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Is The Technical Program Manager Role Dead?

In this ever-evolving world of technology, roles and responsibilities are subject to constant change. The Technical Program Manager (TPM) position has been a crucial part of product / software development for many years. However, more recently, I have been getting many questions about the role's relevance and future due to various factors, primary of which is the tech layoffs.

What is a Technical Program Manager (TPM)?

A Technical Program Manager is a multifaceted role responsible for overseeing the planning, execution, and delivery of complex technical projects within an organization. They act as a bridge between engineering teams, product managers, stakeholders, and senior leadership, ensuring the alignment of goals, schedules, and resources.

The role involves a mix of technical expertise, program management skills, and leadership abilities. TPMs must possess a deep understanding of the technology being developed and the challenges associated with it. Additionally, they must be adept at coordinating multiple teams, managing risks, and mitigating issues throughout the project lifecycle.

Technical Program Manager Role

Value of the TPM Role

TPMs bring in a lot of value to their engineering and product teams. TPMs help achieve business outcomes by leverage their deep domain expertise and creating a holistic program strategy. Here are a just a few key benefits of having a TPM.

  1. Efficient Program Execution: TPMs are instrumental in driving efficiency by streamlining processes, removing bottlenecks, and optimizing resource allocation. Their ability to coordinate between teams and facilitate collaboration contributes to successful project outcomes.

  2. Risk Management: Identifying and managing risks is a crucial aspect of any project. TPMs are skilled at assessing potential risks and proactively implementing strategies to minimize their impact on project timelines and quality.

  3. Cross-Functional Leadership: TPMs play a pivotal role in connecting various teams and departments within an organization. Their ability to lead cross-functional initiatives ensures that everyone is aligned with the project's objectives, leading to a more cohesive and synergistic work environment.

  4. Effective Communication: TPMs act as communication hubs, ensuring that information flows smoothly between stakeholders, teams, and leadership. Their clear and concise communication helps to maintain transparency and keeps everyone informed about project progress and challenges.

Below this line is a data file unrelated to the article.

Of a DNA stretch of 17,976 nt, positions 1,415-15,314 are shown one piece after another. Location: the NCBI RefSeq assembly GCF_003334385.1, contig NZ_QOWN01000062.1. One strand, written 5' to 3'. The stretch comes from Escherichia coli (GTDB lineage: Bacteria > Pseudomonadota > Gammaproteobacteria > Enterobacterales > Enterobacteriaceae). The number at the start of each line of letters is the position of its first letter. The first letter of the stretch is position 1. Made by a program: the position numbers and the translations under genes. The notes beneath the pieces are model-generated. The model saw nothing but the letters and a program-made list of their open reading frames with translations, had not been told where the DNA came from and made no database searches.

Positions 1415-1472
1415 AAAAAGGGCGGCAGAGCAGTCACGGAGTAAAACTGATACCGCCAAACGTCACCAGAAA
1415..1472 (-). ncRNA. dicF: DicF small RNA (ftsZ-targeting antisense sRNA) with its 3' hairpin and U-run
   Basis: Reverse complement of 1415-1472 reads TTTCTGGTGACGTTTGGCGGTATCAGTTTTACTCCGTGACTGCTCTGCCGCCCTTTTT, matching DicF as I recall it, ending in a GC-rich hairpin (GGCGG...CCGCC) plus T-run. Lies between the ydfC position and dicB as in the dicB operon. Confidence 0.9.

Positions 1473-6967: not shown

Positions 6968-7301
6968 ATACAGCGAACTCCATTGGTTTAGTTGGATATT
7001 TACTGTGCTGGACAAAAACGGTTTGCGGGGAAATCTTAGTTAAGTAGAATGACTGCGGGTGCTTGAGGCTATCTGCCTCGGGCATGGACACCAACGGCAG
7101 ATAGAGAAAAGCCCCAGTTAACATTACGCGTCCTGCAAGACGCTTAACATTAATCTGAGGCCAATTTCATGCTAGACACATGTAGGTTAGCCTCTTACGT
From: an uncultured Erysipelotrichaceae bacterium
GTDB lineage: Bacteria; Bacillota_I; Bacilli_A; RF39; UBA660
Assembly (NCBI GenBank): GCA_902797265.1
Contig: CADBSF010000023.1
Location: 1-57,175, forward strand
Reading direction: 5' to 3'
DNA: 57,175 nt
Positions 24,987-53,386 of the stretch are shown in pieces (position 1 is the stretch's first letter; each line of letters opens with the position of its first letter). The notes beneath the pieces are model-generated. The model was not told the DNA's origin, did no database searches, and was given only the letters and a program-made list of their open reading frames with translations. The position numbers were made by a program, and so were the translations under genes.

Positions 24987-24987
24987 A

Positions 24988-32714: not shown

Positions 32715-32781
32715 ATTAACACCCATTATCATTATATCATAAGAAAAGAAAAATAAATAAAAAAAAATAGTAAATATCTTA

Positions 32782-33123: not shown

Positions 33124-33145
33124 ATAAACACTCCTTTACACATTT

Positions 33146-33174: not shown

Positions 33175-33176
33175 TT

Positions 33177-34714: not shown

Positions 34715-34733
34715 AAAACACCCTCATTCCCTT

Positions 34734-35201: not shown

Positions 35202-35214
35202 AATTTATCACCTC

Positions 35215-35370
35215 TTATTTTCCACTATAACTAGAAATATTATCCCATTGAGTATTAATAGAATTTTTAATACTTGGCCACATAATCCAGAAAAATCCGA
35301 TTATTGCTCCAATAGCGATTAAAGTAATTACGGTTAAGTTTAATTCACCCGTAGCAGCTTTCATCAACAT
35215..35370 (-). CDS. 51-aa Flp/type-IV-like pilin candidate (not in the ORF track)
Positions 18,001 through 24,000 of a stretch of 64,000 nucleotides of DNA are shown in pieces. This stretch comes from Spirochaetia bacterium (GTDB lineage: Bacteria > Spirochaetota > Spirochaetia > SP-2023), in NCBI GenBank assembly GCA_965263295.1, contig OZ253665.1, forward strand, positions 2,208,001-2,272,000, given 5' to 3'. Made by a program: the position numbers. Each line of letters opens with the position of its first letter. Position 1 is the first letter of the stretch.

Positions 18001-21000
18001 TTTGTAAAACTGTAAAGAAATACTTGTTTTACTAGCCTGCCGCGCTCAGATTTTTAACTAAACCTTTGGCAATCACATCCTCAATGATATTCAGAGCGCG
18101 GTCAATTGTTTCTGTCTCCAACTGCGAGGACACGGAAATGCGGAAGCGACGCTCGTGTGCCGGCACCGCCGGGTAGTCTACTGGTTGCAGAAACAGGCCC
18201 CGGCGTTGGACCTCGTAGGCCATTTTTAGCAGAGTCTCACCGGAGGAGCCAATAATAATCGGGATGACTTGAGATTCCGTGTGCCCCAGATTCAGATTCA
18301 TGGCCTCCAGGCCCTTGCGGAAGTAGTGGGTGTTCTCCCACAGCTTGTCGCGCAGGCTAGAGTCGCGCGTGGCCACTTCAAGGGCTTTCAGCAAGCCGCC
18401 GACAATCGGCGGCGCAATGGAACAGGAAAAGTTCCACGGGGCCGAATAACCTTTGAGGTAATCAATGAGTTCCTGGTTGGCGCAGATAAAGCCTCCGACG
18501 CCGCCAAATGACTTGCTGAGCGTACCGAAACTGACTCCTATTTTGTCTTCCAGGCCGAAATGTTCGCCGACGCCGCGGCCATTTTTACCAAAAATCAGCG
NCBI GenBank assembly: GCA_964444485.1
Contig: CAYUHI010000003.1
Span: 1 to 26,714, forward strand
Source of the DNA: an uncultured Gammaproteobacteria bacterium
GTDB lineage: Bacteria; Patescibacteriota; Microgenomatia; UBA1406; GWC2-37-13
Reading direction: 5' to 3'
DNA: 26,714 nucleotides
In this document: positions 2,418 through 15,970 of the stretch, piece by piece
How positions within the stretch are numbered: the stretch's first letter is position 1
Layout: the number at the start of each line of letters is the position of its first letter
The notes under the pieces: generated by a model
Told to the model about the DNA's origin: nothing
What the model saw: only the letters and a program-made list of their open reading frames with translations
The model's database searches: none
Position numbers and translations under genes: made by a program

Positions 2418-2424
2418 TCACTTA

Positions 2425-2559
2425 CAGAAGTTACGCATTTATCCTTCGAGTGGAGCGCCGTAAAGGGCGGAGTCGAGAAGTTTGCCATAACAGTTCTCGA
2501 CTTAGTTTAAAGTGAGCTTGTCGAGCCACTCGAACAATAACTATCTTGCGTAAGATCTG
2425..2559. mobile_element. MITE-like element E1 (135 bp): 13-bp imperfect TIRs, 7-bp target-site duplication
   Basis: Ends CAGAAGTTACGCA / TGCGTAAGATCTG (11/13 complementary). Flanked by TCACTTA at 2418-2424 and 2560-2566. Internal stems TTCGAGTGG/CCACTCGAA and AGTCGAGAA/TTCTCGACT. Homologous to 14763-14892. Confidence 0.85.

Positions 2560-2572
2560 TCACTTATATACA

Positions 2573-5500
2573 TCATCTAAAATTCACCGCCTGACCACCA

You can read more how TPMs bring value to their teams by thoroughly understanding the TPM role and responsibilities, building the core skills, achieving excellence, and scaling themselves.

TPM Layoffs in Tech

The tech industry is no stranger to the ebb and flow of economic trends, and this has led to multiple instances of layoffs in various organizations. TPMs have been affected disproportionately by these layoffs which has raised concerns about the validity of the role These layoffs are happening for many reasons such as:

  1. Over-hiring: Companies, in their pursuit of growth and expansion, may have over-hired employees during boom periods. When the market contracts, they find themselves with excess manpower, leading to the need for layoffs to optimize costs.

  2. Market Shifts: Technological advancements and market shifts can render certain projects or products obsolete. To stay competitive, companies may need to restructure their workforce, which have resulted in layoffs.

  3. Budget Constraints: Financial challenges or declining revenues have prompted some companies to make difficult decisions, including staff reductions, to remain sustainable.

  4. Efficiency Gains: Companies often have to start optimizing and operating more efficiently when constraints like budget are put into place. This results in taking a deeper look at functions and roles and how they can or cannot benefit the organization

TPMs Are Still Valuable